Newspaper article The Evening Standard (London, England)

Single White Female Seeks Housemate

Newspaper article The Evening Standard (London, England)

Single White Female Seeks Housemate

Article excerpt



Unattached women are opting to live together rather than alone.

One writer tells how she has swapped a husband for all-girl heaven HAVING relieved myself of a longterm partner and all the trappings that go with such a relationship, I found life to be a strange no-man's-land in need of definition. So I sold the house in Acton, sent the past 20 years worth of "stuff" to a charity shop, and arrived on a girlfriend's doorstep like a student, clutching a couple of bin liners and a ghetto blaster.

To be a student at 40 is all well and good, but I still haven't quite got the hang of how to behave. This time last year, I had a bamboo steamer, a matching dinner service and leather-bound copies of the works of Dickens. In short, I was masquerading as a grownup. Of course, nothing has really changed other than my circumstances, but the liberation of redefining who I am is making me behave like a giddy teenager.

I am house sharing with my girlfriend Horatia, a very stylish dame who has spent the past 10 years in New York and is perfectly at ease with the notion of service-culture-as-lifestyle. She appears to have accounts with butchers, bakers, wine emporiums and flower shops - and is adamant that it's just as cost-effective as nipping down to Poundstretchers.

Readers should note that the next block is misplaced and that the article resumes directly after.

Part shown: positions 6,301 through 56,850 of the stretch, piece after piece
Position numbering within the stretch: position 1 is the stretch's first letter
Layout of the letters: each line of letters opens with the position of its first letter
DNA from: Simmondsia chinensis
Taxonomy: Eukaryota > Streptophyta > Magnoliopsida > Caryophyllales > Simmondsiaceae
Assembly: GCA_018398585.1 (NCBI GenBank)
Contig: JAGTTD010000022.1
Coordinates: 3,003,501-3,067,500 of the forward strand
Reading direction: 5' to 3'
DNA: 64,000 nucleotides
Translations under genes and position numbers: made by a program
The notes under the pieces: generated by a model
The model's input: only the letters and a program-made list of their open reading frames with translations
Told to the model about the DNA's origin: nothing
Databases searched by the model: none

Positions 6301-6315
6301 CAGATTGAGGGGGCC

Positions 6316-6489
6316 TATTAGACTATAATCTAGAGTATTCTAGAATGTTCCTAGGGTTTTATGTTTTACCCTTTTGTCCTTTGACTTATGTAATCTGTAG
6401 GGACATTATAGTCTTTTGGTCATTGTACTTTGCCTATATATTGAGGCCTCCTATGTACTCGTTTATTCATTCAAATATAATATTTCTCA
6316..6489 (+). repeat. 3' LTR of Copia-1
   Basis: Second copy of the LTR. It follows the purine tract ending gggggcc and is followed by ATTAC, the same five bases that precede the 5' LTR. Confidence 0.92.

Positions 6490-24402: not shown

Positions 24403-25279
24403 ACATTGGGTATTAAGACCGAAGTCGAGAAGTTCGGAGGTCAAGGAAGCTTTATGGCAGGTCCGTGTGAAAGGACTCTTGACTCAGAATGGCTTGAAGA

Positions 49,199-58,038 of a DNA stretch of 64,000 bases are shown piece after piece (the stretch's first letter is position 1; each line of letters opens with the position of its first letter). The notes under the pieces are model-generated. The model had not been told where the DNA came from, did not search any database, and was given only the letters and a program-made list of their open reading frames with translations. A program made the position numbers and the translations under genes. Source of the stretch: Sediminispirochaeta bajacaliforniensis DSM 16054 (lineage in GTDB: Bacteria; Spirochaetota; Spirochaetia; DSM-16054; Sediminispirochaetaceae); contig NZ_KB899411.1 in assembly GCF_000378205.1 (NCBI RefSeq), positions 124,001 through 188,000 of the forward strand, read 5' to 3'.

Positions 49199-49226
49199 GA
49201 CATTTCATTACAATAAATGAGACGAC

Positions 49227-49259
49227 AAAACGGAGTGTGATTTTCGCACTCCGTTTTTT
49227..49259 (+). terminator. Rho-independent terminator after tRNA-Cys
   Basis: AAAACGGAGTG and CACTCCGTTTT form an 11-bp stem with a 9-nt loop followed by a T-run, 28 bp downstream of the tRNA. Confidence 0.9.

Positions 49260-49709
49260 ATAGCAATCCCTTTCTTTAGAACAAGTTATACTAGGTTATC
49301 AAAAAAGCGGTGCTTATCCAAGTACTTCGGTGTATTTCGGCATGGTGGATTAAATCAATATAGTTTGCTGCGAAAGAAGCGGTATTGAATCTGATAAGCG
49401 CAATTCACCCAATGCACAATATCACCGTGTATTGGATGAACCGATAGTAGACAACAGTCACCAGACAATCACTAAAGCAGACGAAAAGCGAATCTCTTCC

Sounds decadent, I know, but essentially we are just teenagers with an income.

I believe the technical term bandied about by ad men is UMMYs: Upwardly Mobile Middle Youthers.

The majority of Ummys tend to be female and single - a recent survey showed that the likelihood of finding a husband in a big city is practically zero.

As some positive soul once said: "You're more likely to be shot by a sniper than you are to marry over 40" - so many of us are choosing to live with each other instead.

The important thing to remember about any form of cohabitation is to respect one another's boundaries - to know when and if the other person needs to chat, get drunk or dance the lambada. Because we're that bit older and have independent friends and relationships it's easier to remain separate in our togetherness.

That's not to say that we don't enjoy hanging out - many's the Sunday we have clambered into each others beds to watch television, read the papers, eat chocolate, order Thai food and paint our nails.

As our bedrooms are a floor apart, we often text each other with juicy snippets of newly remembered gossip. We have even been known to have extensive conversations on our mobiles - ridiculous, of course, but how else do we decide whether it's Thai or Italian takeaway when there's a whole flight of stairs in the way?

After we threw a party a few weeks ago, such was the extent of our hangovers that neither of us could get out of bed. …

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